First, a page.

In 2001, Robert Putnam published Bowling Alone: The Collapse and Revival of American Community.
The book did well, maybe in part because of that catchy title, and a new edition is out now. Its point wasn’t the collapse of bowling leagues, however. Instead, it was a broad look at how membership in community groups was declining in America and eroding what’s called social capital. Social capital forges bonds between members of the community.
Having a strong community makes our civic life and our democracy stronger.
When I first visited my husband’s family on the East Coast, his immigrant grandparents were still alive and there was a strong and cohesive Italian community. There were Italian social clubs and tenement buildings where relatives lived next door to each other, sometimes with Grandma in her own apartment on the top floor.
Although it was much different from my rural Midwestern upbringing, the community aspect was similar. People on the farm knew each other, and they knew who your grandfather was. If a farmer was sick or died, neighbors immediately gathered to bring in the harvest. The little one-room schoolhouse I attended had a mixture of Catholics and Protestants, Irish and Bohemians. But at lunchtime, we settled on a common grace.
These kinds of communities aren’t perfect. Sometimes they can be insular and exclude “the other.” But they provide a basis for social capital.
The block parties, the bridge clubs, the fraternal organizations, the parish picnic — a no-miss social event of my youth — the parent-teacher associations, the men’s baseball leagues that were prevalent in the small towns of my parents’ generation – these things made us a community.
Then, people starting escaping from these tight communities. We left for college. Suburbia changed us, too. Parishes got bigger and bigger and more impersonal. The advent of the attached garage meant people could slip into their house with barely a wave at their neighbor. Air conditioning took people off their front porch and away from the backyard fence.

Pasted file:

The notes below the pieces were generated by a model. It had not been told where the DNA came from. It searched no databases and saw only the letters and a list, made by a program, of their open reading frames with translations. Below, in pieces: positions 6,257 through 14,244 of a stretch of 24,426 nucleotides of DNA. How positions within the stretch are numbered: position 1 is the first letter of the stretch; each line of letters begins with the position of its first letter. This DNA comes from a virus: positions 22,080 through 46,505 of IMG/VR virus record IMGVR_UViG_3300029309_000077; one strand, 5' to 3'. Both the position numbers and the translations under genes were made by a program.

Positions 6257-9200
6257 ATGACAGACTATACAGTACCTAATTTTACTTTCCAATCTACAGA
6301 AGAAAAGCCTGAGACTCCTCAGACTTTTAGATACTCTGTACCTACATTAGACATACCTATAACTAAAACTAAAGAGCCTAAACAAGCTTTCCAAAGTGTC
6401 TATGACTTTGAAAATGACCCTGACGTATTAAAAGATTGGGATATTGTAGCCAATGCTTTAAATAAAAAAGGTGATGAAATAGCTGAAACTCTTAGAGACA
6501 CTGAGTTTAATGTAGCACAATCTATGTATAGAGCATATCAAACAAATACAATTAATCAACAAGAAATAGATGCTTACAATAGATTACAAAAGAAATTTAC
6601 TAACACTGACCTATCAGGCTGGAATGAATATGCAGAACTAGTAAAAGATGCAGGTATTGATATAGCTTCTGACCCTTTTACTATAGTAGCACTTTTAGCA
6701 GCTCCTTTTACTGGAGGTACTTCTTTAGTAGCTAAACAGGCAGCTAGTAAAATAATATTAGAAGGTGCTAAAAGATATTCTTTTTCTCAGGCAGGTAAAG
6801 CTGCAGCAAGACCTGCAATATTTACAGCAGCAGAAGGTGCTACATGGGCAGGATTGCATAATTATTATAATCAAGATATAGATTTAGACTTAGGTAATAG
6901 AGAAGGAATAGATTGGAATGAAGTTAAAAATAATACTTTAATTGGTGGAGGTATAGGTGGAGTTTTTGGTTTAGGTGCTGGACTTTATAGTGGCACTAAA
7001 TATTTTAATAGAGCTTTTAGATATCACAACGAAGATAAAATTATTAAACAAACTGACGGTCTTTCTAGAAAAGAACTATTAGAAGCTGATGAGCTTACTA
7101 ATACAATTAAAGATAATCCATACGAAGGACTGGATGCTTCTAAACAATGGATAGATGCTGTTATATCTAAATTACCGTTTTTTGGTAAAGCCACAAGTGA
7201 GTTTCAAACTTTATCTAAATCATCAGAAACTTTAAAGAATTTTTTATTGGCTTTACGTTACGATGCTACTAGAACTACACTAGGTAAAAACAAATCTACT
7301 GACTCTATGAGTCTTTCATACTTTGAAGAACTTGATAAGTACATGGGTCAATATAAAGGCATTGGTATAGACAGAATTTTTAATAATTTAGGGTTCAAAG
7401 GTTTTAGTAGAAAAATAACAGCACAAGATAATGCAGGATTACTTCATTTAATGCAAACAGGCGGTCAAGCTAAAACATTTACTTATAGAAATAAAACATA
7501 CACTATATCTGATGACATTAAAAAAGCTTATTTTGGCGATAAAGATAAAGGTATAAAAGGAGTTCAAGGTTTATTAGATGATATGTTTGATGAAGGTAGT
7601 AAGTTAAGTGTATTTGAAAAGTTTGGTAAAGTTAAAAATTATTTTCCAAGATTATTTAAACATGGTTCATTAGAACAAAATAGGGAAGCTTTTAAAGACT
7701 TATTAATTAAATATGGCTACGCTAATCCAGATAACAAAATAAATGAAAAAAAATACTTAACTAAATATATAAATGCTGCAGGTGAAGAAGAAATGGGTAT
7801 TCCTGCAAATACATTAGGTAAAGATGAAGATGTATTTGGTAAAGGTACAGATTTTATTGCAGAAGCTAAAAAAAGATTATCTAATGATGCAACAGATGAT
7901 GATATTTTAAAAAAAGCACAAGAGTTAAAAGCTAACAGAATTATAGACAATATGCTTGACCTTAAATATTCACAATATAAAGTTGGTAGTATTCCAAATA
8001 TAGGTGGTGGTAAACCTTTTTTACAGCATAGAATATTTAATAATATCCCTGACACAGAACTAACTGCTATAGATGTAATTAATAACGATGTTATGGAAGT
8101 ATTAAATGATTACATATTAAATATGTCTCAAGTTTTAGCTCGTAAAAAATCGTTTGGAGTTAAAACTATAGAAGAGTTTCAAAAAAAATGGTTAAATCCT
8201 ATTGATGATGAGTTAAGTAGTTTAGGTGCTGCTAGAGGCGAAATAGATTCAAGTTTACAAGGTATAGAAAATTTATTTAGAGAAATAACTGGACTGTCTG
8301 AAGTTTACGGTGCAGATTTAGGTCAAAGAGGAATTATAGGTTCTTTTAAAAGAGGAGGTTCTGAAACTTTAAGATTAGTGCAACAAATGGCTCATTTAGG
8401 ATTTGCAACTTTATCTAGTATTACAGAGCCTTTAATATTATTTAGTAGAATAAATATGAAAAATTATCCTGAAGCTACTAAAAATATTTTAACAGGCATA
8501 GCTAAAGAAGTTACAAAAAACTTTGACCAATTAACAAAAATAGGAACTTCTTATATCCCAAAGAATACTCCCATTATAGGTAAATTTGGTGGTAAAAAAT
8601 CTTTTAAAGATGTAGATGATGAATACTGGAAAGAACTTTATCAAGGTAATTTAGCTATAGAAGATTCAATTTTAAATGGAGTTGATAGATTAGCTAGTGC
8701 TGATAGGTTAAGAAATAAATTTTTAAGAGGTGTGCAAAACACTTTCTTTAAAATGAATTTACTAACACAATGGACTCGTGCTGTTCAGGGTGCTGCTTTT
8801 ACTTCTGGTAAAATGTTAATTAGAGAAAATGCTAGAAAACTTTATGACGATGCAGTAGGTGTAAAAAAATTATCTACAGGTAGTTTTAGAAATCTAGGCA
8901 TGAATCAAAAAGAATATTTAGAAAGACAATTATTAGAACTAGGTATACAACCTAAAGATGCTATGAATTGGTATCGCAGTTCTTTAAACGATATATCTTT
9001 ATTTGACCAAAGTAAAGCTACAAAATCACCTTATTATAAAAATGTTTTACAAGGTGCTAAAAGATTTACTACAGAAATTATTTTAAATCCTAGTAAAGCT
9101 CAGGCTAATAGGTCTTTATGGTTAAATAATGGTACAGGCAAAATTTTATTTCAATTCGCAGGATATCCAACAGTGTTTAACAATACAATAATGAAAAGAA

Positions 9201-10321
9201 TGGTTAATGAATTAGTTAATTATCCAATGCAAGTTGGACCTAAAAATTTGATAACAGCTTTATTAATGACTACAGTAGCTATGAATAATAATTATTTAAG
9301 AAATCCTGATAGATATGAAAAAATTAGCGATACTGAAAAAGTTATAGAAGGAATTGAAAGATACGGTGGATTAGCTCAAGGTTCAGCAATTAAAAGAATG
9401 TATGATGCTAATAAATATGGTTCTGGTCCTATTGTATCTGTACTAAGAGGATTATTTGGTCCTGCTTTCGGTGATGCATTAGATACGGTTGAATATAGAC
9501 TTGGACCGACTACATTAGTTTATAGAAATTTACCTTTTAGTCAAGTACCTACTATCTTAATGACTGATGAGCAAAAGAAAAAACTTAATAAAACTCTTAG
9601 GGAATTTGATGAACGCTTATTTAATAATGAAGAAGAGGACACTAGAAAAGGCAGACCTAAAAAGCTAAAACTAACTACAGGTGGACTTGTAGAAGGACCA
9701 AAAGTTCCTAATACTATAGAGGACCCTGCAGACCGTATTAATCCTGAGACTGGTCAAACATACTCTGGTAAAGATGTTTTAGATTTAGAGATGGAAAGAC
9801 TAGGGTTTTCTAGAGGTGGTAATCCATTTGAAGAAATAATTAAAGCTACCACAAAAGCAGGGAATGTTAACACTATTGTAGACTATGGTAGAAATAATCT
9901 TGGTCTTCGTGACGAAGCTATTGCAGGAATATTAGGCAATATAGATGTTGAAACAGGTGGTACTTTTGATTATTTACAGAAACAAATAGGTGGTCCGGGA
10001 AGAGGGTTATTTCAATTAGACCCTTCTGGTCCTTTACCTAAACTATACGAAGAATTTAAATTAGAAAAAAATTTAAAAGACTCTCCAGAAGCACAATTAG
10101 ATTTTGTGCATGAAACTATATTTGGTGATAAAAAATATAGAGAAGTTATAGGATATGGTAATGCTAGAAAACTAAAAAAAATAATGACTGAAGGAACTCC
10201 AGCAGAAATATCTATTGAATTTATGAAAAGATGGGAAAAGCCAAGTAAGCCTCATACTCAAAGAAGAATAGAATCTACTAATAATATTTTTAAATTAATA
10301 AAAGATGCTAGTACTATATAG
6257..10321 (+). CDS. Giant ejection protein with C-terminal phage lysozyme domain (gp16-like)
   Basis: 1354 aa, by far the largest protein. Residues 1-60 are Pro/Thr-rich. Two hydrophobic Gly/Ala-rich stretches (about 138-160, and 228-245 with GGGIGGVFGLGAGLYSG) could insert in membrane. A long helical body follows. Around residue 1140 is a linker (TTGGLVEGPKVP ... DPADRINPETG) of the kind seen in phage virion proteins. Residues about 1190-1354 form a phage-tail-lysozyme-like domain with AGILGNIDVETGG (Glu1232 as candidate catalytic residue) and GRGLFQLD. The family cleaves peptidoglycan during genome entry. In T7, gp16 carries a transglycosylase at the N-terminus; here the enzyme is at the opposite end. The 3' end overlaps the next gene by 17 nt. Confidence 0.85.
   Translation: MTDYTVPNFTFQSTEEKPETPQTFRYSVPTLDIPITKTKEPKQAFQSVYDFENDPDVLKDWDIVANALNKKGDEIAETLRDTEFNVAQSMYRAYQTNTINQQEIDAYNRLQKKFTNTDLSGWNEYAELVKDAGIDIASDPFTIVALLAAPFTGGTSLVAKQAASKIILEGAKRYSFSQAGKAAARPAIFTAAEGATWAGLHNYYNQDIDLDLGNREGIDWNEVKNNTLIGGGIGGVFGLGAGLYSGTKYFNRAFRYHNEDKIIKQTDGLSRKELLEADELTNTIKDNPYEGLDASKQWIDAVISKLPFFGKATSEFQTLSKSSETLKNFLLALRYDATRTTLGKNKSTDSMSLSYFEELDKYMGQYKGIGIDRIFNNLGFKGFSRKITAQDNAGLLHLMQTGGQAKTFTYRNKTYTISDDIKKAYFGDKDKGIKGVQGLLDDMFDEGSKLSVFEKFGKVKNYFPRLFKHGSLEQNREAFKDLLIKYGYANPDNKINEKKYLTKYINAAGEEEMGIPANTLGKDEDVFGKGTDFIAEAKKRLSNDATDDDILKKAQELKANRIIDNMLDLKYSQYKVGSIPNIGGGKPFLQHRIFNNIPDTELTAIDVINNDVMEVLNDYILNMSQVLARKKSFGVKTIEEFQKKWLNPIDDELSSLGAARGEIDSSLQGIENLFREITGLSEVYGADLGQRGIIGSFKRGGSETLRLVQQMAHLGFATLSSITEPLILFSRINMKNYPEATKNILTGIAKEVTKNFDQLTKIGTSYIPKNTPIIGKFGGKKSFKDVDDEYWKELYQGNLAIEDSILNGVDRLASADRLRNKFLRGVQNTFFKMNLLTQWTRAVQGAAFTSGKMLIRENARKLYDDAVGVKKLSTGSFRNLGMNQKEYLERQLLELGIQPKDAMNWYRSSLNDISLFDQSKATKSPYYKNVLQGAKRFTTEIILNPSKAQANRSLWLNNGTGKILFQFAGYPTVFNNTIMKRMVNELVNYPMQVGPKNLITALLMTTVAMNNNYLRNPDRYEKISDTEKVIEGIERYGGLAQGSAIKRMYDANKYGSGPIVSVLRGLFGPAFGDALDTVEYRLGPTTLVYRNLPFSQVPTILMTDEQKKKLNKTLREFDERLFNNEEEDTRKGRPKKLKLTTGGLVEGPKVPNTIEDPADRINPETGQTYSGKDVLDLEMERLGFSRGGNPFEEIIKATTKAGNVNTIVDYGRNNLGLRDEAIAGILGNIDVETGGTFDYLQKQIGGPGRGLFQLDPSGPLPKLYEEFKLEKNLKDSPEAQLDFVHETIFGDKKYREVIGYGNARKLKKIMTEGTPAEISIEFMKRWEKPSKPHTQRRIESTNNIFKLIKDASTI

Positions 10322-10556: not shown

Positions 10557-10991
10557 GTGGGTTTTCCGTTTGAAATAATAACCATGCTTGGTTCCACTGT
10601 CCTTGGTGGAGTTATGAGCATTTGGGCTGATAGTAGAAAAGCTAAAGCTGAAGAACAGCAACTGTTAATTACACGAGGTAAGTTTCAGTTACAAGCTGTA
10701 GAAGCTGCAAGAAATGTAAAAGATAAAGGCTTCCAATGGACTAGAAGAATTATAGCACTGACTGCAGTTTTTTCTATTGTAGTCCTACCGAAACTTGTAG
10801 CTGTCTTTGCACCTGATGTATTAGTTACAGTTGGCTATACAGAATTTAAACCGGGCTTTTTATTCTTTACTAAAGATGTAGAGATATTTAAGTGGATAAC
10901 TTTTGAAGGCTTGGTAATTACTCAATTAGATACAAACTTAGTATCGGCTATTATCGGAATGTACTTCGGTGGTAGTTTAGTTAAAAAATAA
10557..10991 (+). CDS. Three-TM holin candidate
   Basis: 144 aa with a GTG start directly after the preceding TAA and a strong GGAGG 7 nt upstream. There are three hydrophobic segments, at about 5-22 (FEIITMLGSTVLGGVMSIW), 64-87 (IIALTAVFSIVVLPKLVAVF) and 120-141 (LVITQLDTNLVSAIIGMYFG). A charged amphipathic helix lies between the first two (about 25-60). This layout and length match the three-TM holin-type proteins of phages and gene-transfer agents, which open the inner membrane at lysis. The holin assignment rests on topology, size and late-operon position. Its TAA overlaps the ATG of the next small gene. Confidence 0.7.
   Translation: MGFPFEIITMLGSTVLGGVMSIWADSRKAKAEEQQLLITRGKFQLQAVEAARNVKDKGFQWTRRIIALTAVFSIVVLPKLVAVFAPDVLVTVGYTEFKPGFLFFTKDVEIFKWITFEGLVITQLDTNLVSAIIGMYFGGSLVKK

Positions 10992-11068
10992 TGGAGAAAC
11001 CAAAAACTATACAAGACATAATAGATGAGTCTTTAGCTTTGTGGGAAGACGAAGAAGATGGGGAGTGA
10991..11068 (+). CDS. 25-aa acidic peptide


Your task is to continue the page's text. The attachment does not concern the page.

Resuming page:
As we emerge from social isolation, it’s a theme that hits home: we have to decide what aspects of community are important to us. For example, how much is our parish a true community, where we honor common values and freely discuss our differences?
We all deeply missed the Eucharist, this source and summit of our faith, during our time of isolation. But parishes must be more than a place where we dash in from the parking lot on Sunday morning and then leave, forgetting that the Body of Christ is also alive in the community itself and not just in our liturgy.
As Americans, we spend a lot of time scrolling through social media and ruminating about national affairs. We have definite opinions about national political figures. But are we involved in local politics? Or in our local political party
After the murder of George Floyd in Minneapolis, our country bonded together to forge social capital on a national scale. We had a national examination of conscience.
But is our local parish involved in a commitment to racial progress? Mine is.
Social capital begins with knowing who our neighbors are and who sits next to us in the pew. It means cutting back on our social media addiction, joining a book club, a ski club or a faith sharing group, and establishing a bond that forges community.
There’s an old expression, “charity begins at home.”
Social capital begins there, too. Of course, that doesn’t mean it ends there, but without a healthy community, we won’t have a healthy democracy.